Presidential and parliamentary elections were held yesterday in Turkey. According to figures presented by Turkey's Supreme Electoral Council, President Recep Tayyip Erdoğan led the presidential election with 49.52% of ballots cast versus 44.88% for Kılıçdaroğlu, meaning that there will be a run-off on May 28th since one single candidate did not take more than 50% of the votes.
The result came as a shock to the opposition Nation’s Alliance block led by their presidential candidate Kemal Kılıçdaroğlu who it claimed would win in the first round. Many respected political pundits had predicted that Kemal Kılıçdaroğlu would win, perhaps even in the first round, and were surprised that he should trail by some 5 percentage points.
As Turkey heads for a run-off election in two weeks, Erdoğan has proved once again that he and his Justice and Development Party (AKP) appear to remain unbeatable, and it is now more than likely that Erdoğan will remain as president for a further 5 years after having been in power already for more than 20 years.
The AKP and its far-right Nationalist Movement Party (MHP) partners also prevailed in the 600-member parliamentary election, obtaining 323 seats under their People’s Alliance. Kılıçdaroğlu’s pro-secular Republican People’s Party (CHP) and five other opposition parties united under the Nation’s Alliance came in second with 212 seats and a leftist bloc led by the pro-Kurdish Green Left Party (YSP) pulled in third with 65. Though CHP’s presidential candidate Kılıçdaroğlu did not perform as well as would have been desired in the presidential election, his party CHP still managed to gain an extra 3 percentage points and 23 seats in the parliamentary election compared with the previous 2018 parliamentary election. AKP on the other hand has lost 7 percentage points and 27 seats.
Despite the tremendous adversity faced by Turkey and its people in recent years, Erdoğan somehow managed to persevere and pull ahead in the first round of the presidential election. The economy is in a mess, with high inflation leaving millions of Turks struggling to meet their basic living expenses. The massive earthquakes that decimated large swathes of southern Turkey on February 6th added to their misery. The president and his family, who live in a 1,100 room palace, are often the target of allegations of corruption. Tens of thousands of dissidents are languishing in jail. Erdoğan’s success in this election despite the suffering undergone by his people is astonishing.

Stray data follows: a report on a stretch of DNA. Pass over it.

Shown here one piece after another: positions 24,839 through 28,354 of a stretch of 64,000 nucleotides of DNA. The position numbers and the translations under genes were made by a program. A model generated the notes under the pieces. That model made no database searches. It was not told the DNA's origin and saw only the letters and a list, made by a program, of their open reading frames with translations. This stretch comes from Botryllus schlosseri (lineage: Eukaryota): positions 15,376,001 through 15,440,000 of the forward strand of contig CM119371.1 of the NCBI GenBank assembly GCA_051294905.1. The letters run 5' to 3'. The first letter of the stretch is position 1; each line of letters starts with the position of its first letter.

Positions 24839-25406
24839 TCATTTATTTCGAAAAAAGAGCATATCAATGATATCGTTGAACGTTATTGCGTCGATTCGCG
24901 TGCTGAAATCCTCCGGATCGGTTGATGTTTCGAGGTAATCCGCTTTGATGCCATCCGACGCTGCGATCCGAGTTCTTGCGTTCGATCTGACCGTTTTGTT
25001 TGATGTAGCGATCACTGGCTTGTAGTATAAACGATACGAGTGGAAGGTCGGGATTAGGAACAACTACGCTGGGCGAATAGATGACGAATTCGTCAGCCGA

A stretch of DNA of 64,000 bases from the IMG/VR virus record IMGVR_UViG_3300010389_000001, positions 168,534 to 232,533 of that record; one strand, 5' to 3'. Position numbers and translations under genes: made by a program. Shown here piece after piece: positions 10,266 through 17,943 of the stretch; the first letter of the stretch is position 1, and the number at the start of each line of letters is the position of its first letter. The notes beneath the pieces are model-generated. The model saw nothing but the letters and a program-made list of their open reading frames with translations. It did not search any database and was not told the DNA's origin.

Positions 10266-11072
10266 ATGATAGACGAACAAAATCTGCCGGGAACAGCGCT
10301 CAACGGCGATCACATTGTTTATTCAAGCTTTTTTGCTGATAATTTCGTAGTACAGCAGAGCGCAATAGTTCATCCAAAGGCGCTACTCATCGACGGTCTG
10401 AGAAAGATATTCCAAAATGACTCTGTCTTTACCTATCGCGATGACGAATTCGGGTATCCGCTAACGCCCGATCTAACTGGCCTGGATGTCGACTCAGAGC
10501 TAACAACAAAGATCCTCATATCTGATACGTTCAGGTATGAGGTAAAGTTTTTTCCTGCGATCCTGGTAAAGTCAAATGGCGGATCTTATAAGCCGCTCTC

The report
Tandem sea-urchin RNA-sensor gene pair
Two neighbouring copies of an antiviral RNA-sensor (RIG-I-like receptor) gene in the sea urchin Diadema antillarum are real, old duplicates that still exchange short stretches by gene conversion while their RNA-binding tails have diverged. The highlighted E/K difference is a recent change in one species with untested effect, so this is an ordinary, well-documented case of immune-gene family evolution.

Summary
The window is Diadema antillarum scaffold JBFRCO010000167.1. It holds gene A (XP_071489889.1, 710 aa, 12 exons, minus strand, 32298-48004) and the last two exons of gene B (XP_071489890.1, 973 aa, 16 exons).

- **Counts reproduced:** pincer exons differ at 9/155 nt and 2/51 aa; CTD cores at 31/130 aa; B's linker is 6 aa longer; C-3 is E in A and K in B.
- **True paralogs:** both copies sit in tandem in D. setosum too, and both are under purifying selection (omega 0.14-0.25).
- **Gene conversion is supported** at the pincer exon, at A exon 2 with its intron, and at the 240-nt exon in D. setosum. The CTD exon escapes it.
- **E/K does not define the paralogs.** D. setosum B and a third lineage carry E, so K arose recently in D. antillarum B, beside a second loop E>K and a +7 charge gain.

Though the elections would appear to have been in general properly conducted and with little violence, Erdogan has used the one-man-rule system imposed in the wake of a controversial referendum in 2018 to maintain the system in his favour, controlling the media and ensuring that the judiciary and other key institutions were managed by compliant yes-men. He has used his vast propaganda machine ruthlessly against the opposition. Many of Erdoğan’s speeches were broadcast fully on 8 major television channels live and his on-air time far exceeded that given to the opposition. Erdoğan almost totally monopolised state television channels. These clearly do not allow for fair election campaign conditions.
The very high turnout at the elections, with some 55.8 million people, 86.98% of those eligible to vote, casting their ballots, shows the competitiveness of the elections. However, the fact that key political and social figures are in prison despite critical judgments of the European Court of Human Rights has also attracted criticism as to whether the elections were indeed democratic.